God's little rabbits: Religious people out-reproduce secular ones by a landslide
By JESSE BERING - SCIENTIFIC AMERICAN
Added: Thu, 30 Dec 2010 14:46:26 UTC
Thanks to Stu Hillman for the link
What’s that famous quote, by Edna St. Vincent Millay? Oh, yes: "I love humanity but I hate people." It’s a sentiment that captures my normal misanthropically tinged type of humanitarianism well, but it roars apropos on some particular occasions. For example, making conversation at the pizza shop in my small village in Northern Ireland one recent evening, the topic turned to what I do for a living. Now, this simple query is usually a hard question for me to answer; when I say I’m a professor, inevitably I’m asked what I teach. When I say psychology, they giggle uncomfortably about their problems or say—as if it’s the most original line—that I’m in the right town for that. When I correct them and say I’m not a clinical psychologist, but a researcher, I have to explain what exactly I research. "Evolutionary psychology" tends to conjure up some bizarre ideas in the non-academic. And so it did on this occasion, as I struggled to articulate the nature of my profession in a cramped pizza parlor with about a half dozen locals eavesdropping on as I did so. Somehow or another, as conversations with me so often do, homosexuality came up as an example of a complex human behavior which evolutionary psychologists try to understand.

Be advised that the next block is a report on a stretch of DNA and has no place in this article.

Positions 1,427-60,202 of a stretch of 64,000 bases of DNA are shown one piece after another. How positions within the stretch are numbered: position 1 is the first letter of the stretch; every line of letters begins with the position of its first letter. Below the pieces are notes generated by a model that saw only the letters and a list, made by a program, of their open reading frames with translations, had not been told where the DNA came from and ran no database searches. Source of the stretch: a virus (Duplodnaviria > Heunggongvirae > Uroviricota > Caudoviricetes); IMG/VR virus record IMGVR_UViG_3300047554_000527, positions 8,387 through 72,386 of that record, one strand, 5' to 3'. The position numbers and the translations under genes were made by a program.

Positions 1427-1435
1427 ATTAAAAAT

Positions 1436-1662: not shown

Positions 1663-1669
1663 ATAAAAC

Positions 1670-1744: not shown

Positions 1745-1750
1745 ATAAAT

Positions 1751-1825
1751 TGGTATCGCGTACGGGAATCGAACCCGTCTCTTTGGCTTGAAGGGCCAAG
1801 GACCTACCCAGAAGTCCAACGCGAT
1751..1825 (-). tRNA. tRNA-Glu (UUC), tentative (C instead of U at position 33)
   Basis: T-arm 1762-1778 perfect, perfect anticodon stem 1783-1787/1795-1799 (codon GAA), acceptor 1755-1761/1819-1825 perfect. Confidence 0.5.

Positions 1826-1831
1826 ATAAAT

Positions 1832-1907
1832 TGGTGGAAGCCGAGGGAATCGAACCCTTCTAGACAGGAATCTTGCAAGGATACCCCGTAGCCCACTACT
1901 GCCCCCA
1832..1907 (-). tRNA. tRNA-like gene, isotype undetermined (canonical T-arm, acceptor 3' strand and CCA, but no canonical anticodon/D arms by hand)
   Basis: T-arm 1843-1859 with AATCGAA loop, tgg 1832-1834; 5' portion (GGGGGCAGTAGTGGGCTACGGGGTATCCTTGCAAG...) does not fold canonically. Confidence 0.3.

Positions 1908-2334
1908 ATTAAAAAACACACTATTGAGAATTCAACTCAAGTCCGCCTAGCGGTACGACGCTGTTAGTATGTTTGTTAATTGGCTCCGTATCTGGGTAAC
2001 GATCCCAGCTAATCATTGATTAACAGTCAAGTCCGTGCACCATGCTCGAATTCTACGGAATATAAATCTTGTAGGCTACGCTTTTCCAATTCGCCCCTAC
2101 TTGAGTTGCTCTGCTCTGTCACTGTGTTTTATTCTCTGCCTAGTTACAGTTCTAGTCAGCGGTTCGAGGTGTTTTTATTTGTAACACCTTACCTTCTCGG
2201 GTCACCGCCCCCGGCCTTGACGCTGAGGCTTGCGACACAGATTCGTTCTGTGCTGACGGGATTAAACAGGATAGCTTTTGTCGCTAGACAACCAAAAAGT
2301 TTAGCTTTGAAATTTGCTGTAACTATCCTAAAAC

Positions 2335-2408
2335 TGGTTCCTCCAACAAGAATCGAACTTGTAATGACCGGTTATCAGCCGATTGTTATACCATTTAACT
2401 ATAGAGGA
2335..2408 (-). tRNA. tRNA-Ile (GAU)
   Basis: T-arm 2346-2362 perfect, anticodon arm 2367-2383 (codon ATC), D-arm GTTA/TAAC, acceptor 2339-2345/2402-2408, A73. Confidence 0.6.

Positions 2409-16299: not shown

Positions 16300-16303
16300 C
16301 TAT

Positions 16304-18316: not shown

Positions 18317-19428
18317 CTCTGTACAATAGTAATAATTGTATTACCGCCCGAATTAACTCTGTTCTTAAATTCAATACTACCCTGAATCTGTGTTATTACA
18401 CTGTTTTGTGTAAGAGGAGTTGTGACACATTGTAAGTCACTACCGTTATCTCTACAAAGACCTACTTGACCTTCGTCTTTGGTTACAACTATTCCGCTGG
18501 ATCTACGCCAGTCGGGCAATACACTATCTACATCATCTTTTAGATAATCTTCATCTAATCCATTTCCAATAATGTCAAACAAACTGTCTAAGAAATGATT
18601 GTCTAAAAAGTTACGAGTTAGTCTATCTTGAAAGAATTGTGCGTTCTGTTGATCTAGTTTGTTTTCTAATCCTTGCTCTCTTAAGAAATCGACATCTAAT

I wish I’d had a notebook in hand to scribble down the young employee’s comments word-for-word, so as to provide you with a proper ethnographic account. But here, in a nutshell, is what he very confidently said to me, flavored with the peculiar vernacular flourish found in this part of the world: "Aye. Don’t get me wrong, I’ve got nothin’ against gay people. But what I don’t get is why they’d choose to be selfish and not ‘ave a family and kids-like which is what we’re here for, how’s you’s go against evolution by not continuin’ the line cause you’s can’t help the species without having kids. Just seems selfish-like to me." I replied that, as a gay man myself, it’s not quite as simple as ‘choosing’ not to breed; since women are as arousing to me as that half-eaten pepperoni pizza sitting on that table over there, I said, I couldn’t get an erection to inseminate a woman for the life of me. I do, however, I continued, get a mighty erection by seeing other men’s erections, so therein—I pointed my finger to the heavens for emphasis—lies the true Darwinian mystery! I then took my pizza and left. In haste. And now I’m writing this from Ohio.
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